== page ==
That's good math work, safri, but the equation to use is different and far simpler.

Notice how all LCR meters use a specific freuquency for a range of C or L, that's roughly how this works.

Resistor here is a constant, use any thin film or carbon composite. Don't use wirewound as its a inductor too.

Now, put your unknown capacitor or inductor in the circuit above, as necessary.

Get a function or audio generator generator as Vin, and measure its output Voltage with a scope for say 500kHz or 500 Hz, just to copy the frequencies the device in the original post used. Say adjust it for 1 Vp-p so its easy to read.

If your cap is as big as your pinky or your inductor is fairly large, use the 500 Hz.

Now connect the generator to Vin and the scope to Vout. Adjust the output frequency precisely until the output voltage is 0.707Vp-p. That's the fc.

Now that you have fc, substitute it algebraically into the equation and that's your L or C.

Units:

fc= Hz

R = ohms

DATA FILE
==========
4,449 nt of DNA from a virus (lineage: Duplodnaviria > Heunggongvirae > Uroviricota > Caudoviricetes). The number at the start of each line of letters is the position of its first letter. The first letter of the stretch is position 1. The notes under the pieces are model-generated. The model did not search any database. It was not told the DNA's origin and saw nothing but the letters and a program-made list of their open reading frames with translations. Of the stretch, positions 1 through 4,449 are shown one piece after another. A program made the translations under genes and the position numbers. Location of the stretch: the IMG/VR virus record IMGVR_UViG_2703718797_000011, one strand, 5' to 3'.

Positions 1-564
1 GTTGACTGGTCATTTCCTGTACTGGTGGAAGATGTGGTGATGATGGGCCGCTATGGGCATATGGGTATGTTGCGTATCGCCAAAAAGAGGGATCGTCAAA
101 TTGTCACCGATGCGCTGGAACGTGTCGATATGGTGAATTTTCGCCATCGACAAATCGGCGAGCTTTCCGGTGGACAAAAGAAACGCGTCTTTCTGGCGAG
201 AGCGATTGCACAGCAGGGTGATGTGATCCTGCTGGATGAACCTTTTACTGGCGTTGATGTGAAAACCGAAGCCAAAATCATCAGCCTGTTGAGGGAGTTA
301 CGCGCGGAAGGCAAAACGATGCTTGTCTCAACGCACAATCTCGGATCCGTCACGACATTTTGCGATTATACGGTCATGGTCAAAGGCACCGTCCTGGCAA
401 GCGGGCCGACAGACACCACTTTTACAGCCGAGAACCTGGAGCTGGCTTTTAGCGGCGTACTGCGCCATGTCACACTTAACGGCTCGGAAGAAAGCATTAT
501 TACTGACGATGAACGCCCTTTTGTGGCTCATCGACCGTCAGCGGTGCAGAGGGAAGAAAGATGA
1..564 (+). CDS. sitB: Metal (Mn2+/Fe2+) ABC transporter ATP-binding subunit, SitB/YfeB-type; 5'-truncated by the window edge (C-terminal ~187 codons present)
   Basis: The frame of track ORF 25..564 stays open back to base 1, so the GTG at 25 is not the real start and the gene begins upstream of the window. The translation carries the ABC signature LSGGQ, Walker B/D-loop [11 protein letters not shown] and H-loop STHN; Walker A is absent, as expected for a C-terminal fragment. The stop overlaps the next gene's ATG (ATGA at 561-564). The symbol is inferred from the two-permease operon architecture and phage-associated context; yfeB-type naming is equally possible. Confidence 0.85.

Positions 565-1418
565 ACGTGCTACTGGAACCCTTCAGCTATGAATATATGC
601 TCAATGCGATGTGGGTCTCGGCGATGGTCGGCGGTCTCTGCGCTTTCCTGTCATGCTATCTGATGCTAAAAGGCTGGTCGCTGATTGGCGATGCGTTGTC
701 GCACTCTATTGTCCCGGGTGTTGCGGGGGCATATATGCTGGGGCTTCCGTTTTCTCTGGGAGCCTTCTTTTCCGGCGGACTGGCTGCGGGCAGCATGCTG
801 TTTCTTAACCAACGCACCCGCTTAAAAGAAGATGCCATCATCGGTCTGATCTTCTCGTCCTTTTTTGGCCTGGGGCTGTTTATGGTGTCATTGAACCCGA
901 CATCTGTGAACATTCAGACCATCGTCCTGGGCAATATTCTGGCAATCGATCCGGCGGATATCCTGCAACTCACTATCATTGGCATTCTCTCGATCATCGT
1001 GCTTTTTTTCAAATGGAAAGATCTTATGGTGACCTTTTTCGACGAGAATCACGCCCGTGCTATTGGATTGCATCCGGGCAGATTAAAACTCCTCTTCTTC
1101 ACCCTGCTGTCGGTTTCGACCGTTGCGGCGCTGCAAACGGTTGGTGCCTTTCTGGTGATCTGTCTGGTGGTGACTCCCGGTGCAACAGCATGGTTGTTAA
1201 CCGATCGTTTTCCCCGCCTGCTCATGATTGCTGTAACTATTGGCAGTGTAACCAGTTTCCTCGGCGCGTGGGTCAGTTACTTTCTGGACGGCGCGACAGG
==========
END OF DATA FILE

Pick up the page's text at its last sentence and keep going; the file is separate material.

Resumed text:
C = farads

L = henry

For example, you have an unknown small inductor.

Use the inductor high pass circuit above. You have some resistor lying around that is 500,000 ohms.

You pass 500kHz into it and it comes out 1V p-p. Adjusting frequency down [ since its a high pass filter its already passing everything ABOVE the cutoff] , at 300kHz the Vout is 0.707 p-p.

Solving:

L = R / 2 x pi x fc

L = 500,000 / 2 x pi x 300,000 Hz

L = 0.265 H or 265 mH.

As alm and I suggested in a old post, most hobbyist only need a good scope, like the Rigol 1052E, a function generator, a good DMM and PSU. An LCR meter is nice to have, but if you don't measure C or L often, and a good DMM comes with C meter already too, you can rig one up fairly quickly and get very accurate results with it.

Some modifications of the same rig can calculate ESR, DF, and Q too. But they can be more tedious to do on-the-fly, so it would be worth it to buy or build an ESR meter than a LCR meter without ESR built in.

http://octopus.freeyellow.com/esr.html